Vatican City, Sep 24, 2017 / 08:03 am (CNA/EWTN News).- No one is “unemployed” when it comes to spreading the message of the Gospel, Pope Francis has said, because each one of us is called to take up the task and to do our own part in God’s plan of salvation.
“The message is this: in the Kingdom of God no one is unemployed, everyone is called to do their part,” the Pope said Sunday Sept. 24.
“And for everyone there will be the compensation of divine justice – not human (justice), fortunately! – which is the salvation that Jesus Christ acquired for us with his death and resurrection.”
This salvation is “not merited, but given,” Francis said, explaining that this is why Jesus in the Gospel says “the first shall be last and the last shall be first.”
He spoke to pilgrims present in St. Peter’s Square for his Sunday Angelus address, focusing on the day’s Gospel from Matthew which focuses on the parable of the landowner who hires men to work in his vineyard at all hours of the day, and in the end pays them all equally.
Jesus tells his disciples this parable to communicate two different aspects of the Kingdom of God, Pope Francis said. The first is that “God wants to call everyone to work in his kingdom,” and the second is that “in the end he wants to give everyone the same reward, which is salvation, eternal life.”
When the end of the day comes and everyone is paid the same amount, no matter how many hours they worked, those who labored all day understandably complained, the Pope said, because they received the same amount as those who worked less.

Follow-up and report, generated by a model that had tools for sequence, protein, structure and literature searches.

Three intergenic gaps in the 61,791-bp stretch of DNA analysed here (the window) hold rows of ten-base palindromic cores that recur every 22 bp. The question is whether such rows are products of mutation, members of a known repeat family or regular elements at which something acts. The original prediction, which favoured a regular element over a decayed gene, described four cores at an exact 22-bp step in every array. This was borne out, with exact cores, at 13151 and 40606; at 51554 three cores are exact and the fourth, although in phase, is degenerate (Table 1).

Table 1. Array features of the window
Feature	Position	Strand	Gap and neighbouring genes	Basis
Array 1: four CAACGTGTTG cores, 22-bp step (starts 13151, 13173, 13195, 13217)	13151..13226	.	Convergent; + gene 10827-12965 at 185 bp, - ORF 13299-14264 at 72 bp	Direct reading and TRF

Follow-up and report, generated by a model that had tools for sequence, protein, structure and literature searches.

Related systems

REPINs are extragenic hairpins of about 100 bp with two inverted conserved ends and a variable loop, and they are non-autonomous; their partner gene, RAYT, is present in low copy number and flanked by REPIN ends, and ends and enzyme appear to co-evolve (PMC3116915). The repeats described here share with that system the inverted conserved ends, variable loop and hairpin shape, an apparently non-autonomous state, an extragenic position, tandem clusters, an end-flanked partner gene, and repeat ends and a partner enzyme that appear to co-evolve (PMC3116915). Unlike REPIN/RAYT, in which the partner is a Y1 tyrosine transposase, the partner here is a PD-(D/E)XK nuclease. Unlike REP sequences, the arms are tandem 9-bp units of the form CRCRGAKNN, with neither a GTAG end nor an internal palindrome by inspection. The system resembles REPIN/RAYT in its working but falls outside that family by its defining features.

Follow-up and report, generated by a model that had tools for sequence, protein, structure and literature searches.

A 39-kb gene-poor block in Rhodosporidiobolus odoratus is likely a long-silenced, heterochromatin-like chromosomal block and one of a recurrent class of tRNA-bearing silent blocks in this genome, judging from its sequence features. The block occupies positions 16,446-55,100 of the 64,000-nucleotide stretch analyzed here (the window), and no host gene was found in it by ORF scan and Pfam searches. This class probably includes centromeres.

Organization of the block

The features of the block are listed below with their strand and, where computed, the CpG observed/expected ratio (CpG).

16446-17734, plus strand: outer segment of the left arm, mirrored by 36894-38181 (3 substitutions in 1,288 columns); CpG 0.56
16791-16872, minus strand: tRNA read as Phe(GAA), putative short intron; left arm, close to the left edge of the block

However, the landowner reminds them that “they received what was agreed,” and if he wants to be generous, those who came earlier “should not be envious.”
The Pope said that in reality, “this ‘injustice’ of the landowner is used to provoke, in whomever listens to the parable, a jump in level, because Jesus does not want to speak about the problem of work and a just salary, but the Kingdom of God.”
In telling the parable, Jesus wants to open our hearts “to the logic of the Father, who is free and generous,” Francis said. This means to let ourselves be “amazed and fascinated” by the ways and thoughts of God, which, he noted, “are not our ways and thoughts.”
Rather, the thoughts of mankind are often marked by selfishness and personal gain, and frequently our “narrow and winding” paths are not comparable to those of the Lord, which are “broad and straight.”
“The Lord uses mercy, forgives widely and is full of generosity and goodness that pours onto each one of us, and opens to all the boundless territories of his love and grace, which alone can give the human heart the fullness of joy,” he said.
Jesus, Francis said, makes us contemplate the specific gaze of the landowner, which is “the gaze with which he sees each one of his laborers waiting for work” and is the gaze with which he calls us “to go into his vineyard.”
His gaze is also one that calls, invites one to get up and start walking, the Pope said, because the Lord wants the fullness of life for each person, one that is committed and “saved from emptiness and inertia.”
“God does not want to exclude anyone and he wants everyone to reach their fullness,” he said, adding that “this is love, the love of our Father.”
He closed his address asking that the Virgin Mary help us to welcome “the logic of love” into our lives, “which frees us from the presumption of earning the reward of God and from negative judgments of others.”
After leading pilgrims in the traditional Marian prayer, Pope Francis noted that Fr. Stanley Francis Rother was beatified Saturday in Oklahoma City.
Considered a martyr, Fr. Rother was killed in hatred of the faith “for his work of evangelization and of human promotion in favor of the most poor in Guatemala,” the Pope said.
He then prayed that Fr. Rother’s “heroic example” would help us to be “courageous witnesses of the Gospel, committing ourselves to promoting the dignity of the human being.”
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